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Diagnosing and Treating Cardiovascular Disease

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  • 0:02 Fixing a Problem
  • 0:38 Diagnosing…
  • 2:29 Treating…
  • 4:44 Lesson Summary
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Lesson Transcript
Instructor: Artem Cheprasov
This lesson will describe the many different ways cardiovascular diseases can be diagnosed and treated. For example, you'll learn the differences between angioplasty and angiography.

Fixing a Problem

Some people just have a really great knack for fixing things around the home and at work. They can just look at a problem, like a broken desk, and quickly figure out what the problem is and then how to deal with it. While medicine doesn't 'fix' things, per se, we can diagnose and treat disease in a fundamentally similar way to a handyman. First, we must analyze the problem using diagnostic testing, and once we've established a diagnosis, we can more appropriately and safely tailor treatment to a specific problem in order to try to minimize it or, in some cases, even absolve the patient of it.

Diagnosing Cardiovascular Disease

With respect to cardiovascular disease, there are many tools in a doctor's tool belt, if you will, for diagnosing cardiovascular disease. We'll cover some big ones in this lesson.

The first is known as a radiograph, or more commonly, an X-ray. You know what this is; it's the thing that can see right through your clothing and skin to produce a black and white image of internal structures. One of these structures is the heart, which in some cases of heart disease may be really big, immediately pointing to a problem.

But X-rays aren't always diagnostic. Some cardiovascular issues are just too subtle for an X-ray. Therefore, we can sometimes use advanced imaging modalities, or techniques, to diagnose a problem. These include:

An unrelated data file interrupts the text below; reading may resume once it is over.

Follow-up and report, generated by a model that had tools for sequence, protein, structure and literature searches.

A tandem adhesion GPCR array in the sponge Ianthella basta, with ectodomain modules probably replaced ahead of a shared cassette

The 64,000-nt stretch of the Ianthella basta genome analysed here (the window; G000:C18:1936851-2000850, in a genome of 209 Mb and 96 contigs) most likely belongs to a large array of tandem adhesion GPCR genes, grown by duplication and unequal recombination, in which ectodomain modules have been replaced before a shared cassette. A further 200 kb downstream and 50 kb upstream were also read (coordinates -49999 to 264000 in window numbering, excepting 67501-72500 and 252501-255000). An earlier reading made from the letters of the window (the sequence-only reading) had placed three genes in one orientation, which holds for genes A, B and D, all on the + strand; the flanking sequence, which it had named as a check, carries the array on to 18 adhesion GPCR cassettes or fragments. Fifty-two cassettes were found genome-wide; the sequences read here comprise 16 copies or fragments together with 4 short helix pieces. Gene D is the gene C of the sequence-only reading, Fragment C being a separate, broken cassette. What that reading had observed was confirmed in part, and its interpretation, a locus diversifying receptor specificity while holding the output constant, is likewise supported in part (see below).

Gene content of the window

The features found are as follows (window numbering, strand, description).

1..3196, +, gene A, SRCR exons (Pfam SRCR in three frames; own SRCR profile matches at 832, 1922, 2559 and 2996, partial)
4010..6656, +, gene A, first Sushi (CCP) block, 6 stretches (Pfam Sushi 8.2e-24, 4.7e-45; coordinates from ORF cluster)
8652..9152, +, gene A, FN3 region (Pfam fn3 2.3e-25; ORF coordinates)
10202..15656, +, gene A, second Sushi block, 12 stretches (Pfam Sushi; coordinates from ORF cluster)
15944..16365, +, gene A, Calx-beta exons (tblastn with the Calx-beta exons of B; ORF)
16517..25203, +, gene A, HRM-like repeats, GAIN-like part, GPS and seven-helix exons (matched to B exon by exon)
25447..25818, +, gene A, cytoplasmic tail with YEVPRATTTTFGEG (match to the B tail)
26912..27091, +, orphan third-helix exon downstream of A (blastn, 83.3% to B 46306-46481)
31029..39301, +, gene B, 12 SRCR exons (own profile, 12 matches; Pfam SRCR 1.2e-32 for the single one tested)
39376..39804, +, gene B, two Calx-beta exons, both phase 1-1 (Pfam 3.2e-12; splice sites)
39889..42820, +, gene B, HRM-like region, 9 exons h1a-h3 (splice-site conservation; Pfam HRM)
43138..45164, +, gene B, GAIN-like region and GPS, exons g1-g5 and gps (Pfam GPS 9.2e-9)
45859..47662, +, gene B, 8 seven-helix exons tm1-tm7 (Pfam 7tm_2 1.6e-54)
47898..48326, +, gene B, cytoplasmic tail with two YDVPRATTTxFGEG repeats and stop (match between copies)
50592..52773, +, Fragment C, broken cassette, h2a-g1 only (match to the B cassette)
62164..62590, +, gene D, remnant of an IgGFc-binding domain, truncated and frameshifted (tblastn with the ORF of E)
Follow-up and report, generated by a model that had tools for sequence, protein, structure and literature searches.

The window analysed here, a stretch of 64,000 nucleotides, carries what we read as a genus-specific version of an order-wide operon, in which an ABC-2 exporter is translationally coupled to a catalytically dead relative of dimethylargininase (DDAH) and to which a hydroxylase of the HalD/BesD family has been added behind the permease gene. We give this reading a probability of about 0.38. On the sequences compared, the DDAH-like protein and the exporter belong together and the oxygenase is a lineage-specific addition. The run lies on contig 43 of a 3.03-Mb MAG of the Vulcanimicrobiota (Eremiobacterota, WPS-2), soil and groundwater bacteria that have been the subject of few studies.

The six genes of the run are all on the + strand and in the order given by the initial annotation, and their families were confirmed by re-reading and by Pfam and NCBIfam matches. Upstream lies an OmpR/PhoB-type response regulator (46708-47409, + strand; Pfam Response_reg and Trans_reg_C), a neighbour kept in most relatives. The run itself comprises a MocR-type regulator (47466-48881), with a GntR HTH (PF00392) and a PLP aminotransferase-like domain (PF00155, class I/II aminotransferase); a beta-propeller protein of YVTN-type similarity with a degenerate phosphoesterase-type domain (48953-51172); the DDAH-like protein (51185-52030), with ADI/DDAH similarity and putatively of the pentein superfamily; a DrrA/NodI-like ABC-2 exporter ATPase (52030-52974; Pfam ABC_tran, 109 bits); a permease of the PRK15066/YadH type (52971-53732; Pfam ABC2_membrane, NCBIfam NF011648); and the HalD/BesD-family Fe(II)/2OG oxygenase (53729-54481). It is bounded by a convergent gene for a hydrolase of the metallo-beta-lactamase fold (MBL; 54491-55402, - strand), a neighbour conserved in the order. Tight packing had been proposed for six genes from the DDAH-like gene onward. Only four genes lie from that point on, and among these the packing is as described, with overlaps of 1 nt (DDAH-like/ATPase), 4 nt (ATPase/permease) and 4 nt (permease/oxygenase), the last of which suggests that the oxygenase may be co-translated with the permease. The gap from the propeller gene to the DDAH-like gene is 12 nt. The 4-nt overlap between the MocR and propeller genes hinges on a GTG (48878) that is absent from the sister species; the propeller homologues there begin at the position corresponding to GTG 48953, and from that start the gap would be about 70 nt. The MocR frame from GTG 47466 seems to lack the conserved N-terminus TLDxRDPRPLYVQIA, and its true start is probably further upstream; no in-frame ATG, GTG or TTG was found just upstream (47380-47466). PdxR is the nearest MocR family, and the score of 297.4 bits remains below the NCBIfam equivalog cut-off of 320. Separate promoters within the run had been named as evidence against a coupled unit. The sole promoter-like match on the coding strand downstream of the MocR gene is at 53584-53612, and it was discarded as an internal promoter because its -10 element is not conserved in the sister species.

• A CT scan: this is a procedure that takes many X-ray slices through a person in order to come up with a very detailed and even a 3D image of the heart or blood vessels.
  • An MRI, or magnetic resonance imaging, which is a procedure that uses a magnetic field to peer inside the body.
  • Angiography, a procedure where a dye is injected into the blood vessels in order to visualize them. The dye that's injected is able to be visualized thanks to X-rays.
  • Ultrasound, a medical imaging technique that uses sound waves to peer into the body. If you've ever seen those movies where they show a baby moving inside the womb, that happens thanks to ultrasound. Doctors also use it to see what the heart is doing inside the body.
  • And, finally, an electrocardiogram (ECG), a procedure that measures and plots the electrical activity of the heart on paper or a computer screen. This procedure is very useful because it helps to pinpoint the exact electrical problem occurring in the heart and how best to treat it.

Treating Cardiovascular Disease

Once these and many other diagnostic techniques are used to help diagnose the cardiovascular disease or its causes, then the doctor must decide on the most appropriate treatment plan for the patient. As you can only imagine, there are a ton of different medications and procedures that are used to treat cardiovascular diseases, so we'll cover as many of the more famous or important ones as we can.

Hypertension, or high blood pressure, is managed with everything from dietary modification (meaning decreasing the intake of salt) to medication such as ACE inhibitors, which are drugs that help to lower blood pressure. People suffering from coronary heart disease can take statins to lower cholesterol. Those who have arrhythmias of the heart can take medication to stop these potentially dangerous things, such as beta blockers.

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